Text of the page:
Opinion that continued experience of summary justice diversion tends to contradict assertions that it is simply an efficient alternative to prosecution leading to a fine
Last month I raised in the national media the effect of the new summary justice diversion provisions as operated by the Crown, arguing that this is justice on the cheap and has at a stroke removed, after 300 years, the presumption of innocence from our justice system. I reported that in our own court I have seen regular offenders being “diverted”; on one occasion 75% of alleged offenders were diverted for offences ranging from allegedly altering a prescription to obtain drugs, to attending at persons’ homes and threatening them with violence.
Crown Office responded to suggest that the diversion provisions were intended in cases that would otherwise end up with a fine and that the diminution in number of prosecutions is about 12%. This in turn provoked a response from Airdrie Sheriff Court practitioners to the effect that the business of new cases in the cited court has greatly diminished.
I can only say that in Falkirk we have noticed that our cited court regularly produces each week, from a combination of pleading diets and continued pleading diets, about 12 new cases which would ordinarily require the services of a criminal court practitioner.
Regularly the cited court is made up of deferred sentence cases and applications to vary bail conditions to keep husbands and wives or domestic partners from having contact with each other. In the last cited court in Falkirk before going to press, these made up some 30 of the 42 cases. As far as bail undertakings are concerned, on the same day there were 11 people released to attend on bail undertakings, and three of them proceeded through the court! That diversion figure compared to the last eight weeks is slightly above average and in fairness the rate for our bail undertakings is probably about 60%.
Leaving aside the implications for society wishing to see justice being performed in their local courts, it is interesting to see how those who are sent away have reacted. The majority have simply laughed out loud and given an indication of not believing their good fortune.
The public should be aware of the serious nature of cases being diverted and the real potential that offenders persistently avoid being taken before the courts and called to account.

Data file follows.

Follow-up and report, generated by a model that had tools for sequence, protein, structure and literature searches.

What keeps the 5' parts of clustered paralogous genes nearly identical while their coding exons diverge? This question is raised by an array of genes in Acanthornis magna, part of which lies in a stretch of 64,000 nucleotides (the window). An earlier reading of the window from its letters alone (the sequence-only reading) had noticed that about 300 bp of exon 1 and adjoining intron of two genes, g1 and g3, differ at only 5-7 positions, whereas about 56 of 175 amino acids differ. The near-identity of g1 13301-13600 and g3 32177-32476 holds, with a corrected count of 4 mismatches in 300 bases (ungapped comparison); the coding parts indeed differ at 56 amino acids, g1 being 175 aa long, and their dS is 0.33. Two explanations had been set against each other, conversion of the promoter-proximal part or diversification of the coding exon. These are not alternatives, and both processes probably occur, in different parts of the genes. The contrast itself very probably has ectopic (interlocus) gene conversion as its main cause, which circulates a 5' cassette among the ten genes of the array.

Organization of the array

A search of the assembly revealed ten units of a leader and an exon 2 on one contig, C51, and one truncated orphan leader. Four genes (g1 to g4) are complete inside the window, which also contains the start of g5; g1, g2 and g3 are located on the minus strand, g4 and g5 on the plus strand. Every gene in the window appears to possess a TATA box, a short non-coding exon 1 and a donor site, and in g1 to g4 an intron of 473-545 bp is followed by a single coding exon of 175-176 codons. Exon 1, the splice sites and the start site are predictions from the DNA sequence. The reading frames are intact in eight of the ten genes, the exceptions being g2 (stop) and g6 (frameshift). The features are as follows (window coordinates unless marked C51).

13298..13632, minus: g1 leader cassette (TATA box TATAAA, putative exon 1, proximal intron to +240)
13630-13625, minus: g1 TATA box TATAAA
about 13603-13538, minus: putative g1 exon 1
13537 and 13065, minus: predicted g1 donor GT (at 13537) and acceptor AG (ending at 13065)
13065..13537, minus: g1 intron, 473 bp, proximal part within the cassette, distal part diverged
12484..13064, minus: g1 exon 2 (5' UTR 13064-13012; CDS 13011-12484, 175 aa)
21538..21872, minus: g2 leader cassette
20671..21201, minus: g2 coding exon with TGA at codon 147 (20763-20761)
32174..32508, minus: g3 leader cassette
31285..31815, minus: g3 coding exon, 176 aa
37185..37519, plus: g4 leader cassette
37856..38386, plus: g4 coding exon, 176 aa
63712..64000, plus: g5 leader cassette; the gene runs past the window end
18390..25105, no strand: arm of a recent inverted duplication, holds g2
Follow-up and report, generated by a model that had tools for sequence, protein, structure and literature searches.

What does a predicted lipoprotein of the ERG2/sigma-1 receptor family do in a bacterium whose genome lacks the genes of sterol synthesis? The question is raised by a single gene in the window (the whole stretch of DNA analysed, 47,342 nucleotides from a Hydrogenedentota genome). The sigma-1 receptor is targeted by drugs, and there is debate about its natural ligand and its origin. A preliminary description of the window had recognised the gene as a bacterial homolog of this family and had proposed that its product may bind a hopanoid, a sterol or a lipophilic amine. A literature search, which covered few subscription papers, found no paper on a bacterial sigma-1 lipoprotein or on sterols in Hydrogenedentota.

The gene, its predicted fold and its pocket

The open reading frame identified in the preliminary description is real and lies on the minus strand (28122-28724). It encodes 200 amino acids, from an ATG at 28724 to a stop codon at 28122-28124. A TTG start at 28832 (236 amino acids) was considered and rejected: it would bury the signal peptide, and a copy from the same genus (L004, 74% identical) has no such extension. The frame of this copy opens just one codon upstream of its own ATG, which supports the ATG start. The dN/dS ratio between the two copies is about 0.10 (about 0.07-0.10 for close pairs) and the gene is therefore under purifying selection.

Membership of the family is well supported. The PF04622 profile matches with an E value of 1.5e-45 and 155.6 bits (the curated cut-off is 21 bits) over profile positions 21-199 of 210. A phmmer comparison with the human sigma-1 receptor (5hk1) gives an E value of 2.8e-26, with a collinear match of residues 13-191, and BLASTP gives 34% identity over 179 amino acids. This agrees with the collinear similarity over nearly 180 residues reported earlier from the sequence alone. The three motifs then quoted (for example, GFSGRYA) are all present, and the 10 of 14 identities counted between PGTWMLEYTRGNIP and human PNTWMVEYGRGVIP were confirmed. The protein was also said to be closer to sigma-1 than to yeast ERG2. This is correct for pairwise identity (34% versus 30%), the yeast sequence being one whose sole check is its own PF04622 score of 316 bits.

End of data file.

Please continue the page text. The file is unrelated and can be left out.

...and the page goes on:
However one particular client stands out in the memory as an example of somebody who previously would have been prosecuted, probably would have been remanded in custody, and clearly had no idea what was happening to him under the diversion procedure.
He was in the cells at Falkirk facing an allegation of public disorder and would have been in breach of his probation order if convicted. I explained he might be remanded in custody, when he was then served with a diversion notice. I told him that he had won a watch. As I was leaving 10 minutes later he asked me when he was going to get the watch! Leaving aside the funny side of the story, the truth was that he had failed completely to understand the paperwork which had been served on him by the Crown. There was no prospect of him making sense of the variety of options presented to him in the letter.
I suspect he is not alone in this, and it truly is a disgrace that if a person fails to respond to the diversion letter they are deemed to be guilty.
On the other hand I have seen persons attend at court who have maintained their innocence of any wrongdoing. They have then been subjected to the diversion procedure. These persons have indicated to me that despite being innocent it is easier to accept the sentence imposed by the procurator fiscal rather than have to come back to court, take time off work, go through the trauma of giving evidence, trace and find witnesses and generally go through the heartache of attending court. Persons have openly said to me that it was better to be innocent and out of pocket than to have to come to court to prove their innocence (their perception from the terms of the letter given to them by the procurator fiscal).
I repeat my view that this is not justice. There are innocent persons who will simply pay the fine to get rid of the matter, and there will be people who have been guilty of serious offences, only too happy to be diverted to avoid the wrath of the court.
Justice being seen to be done is the first casualty of this particular system.